The COVID-19 outbreak can be scary and overwhelming for anybody, but this is especially true for children.
Kids, particularly those on the younger side, may find it difficult to understand why they can’t leave the house, or why they’re not allowed to go see Nana and Pop anymore. This can cause feelings of confusion, sadness and even anger.
It can be challenging to find the right balance between scaring children with Coronavirus facts, and helping them to understand the situation at hand. But by using the tips below, you will be able to answer questions have about COVID-19 with tact, and alleviate some of their fears.
Acknowledge their questions
First and foremost, it’s important that children feel heard and that their questions aren’t silly. Be sure to listen intently, and avoid interrupting until they have finished speaking.
Then, you can tell them that their worries are normal and that you’re here to help them through it.
You can also ask them what they already know about the situation and how they are feeling about it, so you can address any concerns or misconceptions they might have.
Children often pick up on our behaviour more than we realise, and this influences their own moods and emotions. When they see a parent or other adult worrying, they may see this as their cue to worry too.
So, be sure to address your own concerns and anxieties about the situation before you sit down to talk to a child. Model calmness during your conversation and they will likely follow your lead.
Learn the facts
There is such an overload of information out there about COVID-19 that it can be difficult to separate fact from fiction.
It’s important to familiarise yourself with current information about the Coronavirus from reputable sources such as the World Health Organisation or Australian Government’s health alert.
That doesn’t necessarily mean that you need to alarm your child with information like the most recent death toll. But it will arm you with the confidence that you know what you’re talking about.
Although it may be tempting to say whatever will put their little mind at ease, white lies or unnecessary sugar coating can do more harm than good.
With children having such easy access to the information these days, it can break trust or leave them feeling more confused if they hear contrasting information from another source.
Try to avoid saying things like “it’s no big deal” or promising that nobody they know will contract the virus, as unfortunately that’s out of your control.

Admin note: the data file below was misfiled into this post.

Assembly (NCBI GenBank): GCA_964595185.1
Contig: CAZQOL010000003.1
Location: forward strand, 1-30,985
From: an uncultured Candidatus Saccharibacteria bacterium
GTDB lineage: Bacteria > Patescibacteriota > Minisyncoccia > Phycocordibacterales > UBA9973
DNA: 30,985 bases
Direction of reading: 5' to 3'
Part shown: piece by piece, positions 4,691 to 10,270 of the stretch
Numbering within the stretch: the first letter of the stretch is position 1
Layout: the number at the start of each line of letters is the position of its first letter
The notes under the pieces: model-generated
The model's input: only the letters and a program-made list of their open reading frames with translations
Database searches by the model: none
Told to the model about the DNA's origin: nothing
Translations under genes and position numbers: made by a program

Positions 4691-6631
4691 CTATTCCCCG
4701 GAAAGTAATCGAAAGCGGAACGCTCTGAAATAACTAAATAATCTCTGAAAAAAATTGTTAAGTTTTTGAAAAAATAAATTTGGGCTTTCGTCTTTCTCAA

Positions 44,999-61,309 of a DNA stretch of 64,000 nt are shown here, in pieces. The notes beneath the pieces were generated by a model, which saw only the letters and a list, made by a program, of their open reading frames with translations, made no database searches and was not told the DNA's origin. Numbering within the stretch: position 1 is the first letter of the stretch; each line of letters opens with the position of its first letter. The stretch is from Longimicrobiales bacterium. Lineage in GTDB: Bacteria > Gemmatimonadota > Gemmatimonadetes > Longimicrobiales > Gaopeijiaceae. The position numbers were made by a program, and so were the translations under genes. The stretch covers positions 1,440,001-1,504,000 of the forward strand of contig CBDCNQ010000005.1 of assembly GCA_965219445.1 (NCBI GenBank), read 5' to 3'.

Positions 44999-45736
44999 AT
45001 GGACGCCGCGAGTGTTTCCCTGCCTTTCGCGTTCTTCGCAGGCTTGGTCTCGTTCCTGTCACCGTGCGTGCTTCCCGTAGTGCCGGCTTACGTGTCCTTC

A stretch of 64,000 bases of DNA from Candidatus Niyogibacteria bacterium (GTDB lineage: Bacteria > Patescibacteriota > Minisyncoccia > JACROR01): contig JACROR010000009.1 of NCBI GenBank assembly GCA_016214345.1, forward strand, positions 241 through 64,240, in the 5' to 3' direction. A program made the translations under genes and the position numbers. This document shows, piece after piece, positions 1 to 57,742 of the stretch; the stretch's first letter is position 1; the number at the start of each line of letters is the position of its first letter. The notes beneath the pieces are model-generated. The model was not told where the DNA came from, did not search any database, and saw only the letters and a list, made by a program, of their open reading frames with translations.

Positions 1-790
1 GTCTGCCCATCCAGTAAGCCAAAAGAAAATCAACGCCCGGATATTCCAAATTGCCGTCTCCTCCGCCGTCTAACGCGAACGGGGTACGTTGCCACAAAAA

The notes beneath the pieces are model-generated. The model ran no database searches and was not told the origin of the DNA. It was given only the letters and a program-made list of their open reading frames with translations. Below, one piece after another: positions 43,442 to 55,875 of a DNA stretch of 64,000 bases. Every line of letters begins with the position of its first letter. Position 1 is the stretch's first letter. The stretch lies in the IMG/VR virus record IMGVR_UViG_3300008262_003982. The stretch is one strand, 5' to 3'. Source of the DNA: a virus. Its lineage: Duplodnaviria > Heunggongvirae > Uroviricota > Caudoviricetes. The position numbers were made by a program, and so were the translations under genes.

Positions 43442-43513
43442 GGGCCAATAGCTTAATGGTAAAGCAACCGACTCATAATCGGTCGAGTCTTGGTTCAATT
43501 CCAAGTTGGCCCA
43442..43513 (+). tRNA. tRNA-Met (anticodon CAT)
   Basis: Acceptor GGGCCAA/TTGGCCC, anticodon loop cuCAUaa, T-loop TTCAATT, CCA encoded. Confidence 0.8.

Instead, be honest with them about the situation, but keep the focus on things that are within control.
For example, you could say something like “yes, there is a higher risk if the elderly catching the virus, but Nan and Pop are doing all the right things to stay safe.”
Give age-appropriate answers
It’s also important to tailor your language, based on the age of the child.
For younger children (for example, under 10) you might explain that COVID-19 is a disease caused by a new germ or bug, and that germs are organisations that are so tiny that we can’t see them, but they can make us sick if they get into our bodies.
For older children or teenagers, you may choose to delve a little deeper into the science — especially if they’ve shown an interest in it. Understanding the ‘why’ can help unveil some of the mystery around it and make it feel that little less scary.
Not quite sure how to put it all into words? Red Cross has some great examples of phrases you can use when talking to young people about COVID-19 that you can use as a starting point.
Focus on the positives
It may feel as though silver linings are few and far in between at the moment. However, there are some positives you can focus on to remind children that there is a light at the end of the tunnel.
For example, it can be helpful to remind children that there have been many pandemics throughout history and that the experts know exactly what to do — it will just take some time.
You could also focus on the fact that China has already been through what we are experiencing, and are beginning to come out the other side.
If all else fails, remind them that the world will keep spinning, the sun will come up tomorrow, and that you have each other!
Help them find solutions
In such tumultuous times, it’s important to help kids regain a sense of control. Rather than focusing on the uncertainty of the situation, focus on what they can do to keep themselves and the community safe.
Teach them proper hand-washing technique and remind them to stay away from others if they do leave the home.
You can also help them play a proactive role in communicating with loved ones like grandparents.
For example, you could encourage them to schedule a weekly phone or video chat at the same time each week. Staying in regular contact with Grandma and Grandpa will also help reassure them that they are okay.
By following these simple tips, you can help your kids or grandkids navigate this uncharted territory and take a weight off their little shoulders.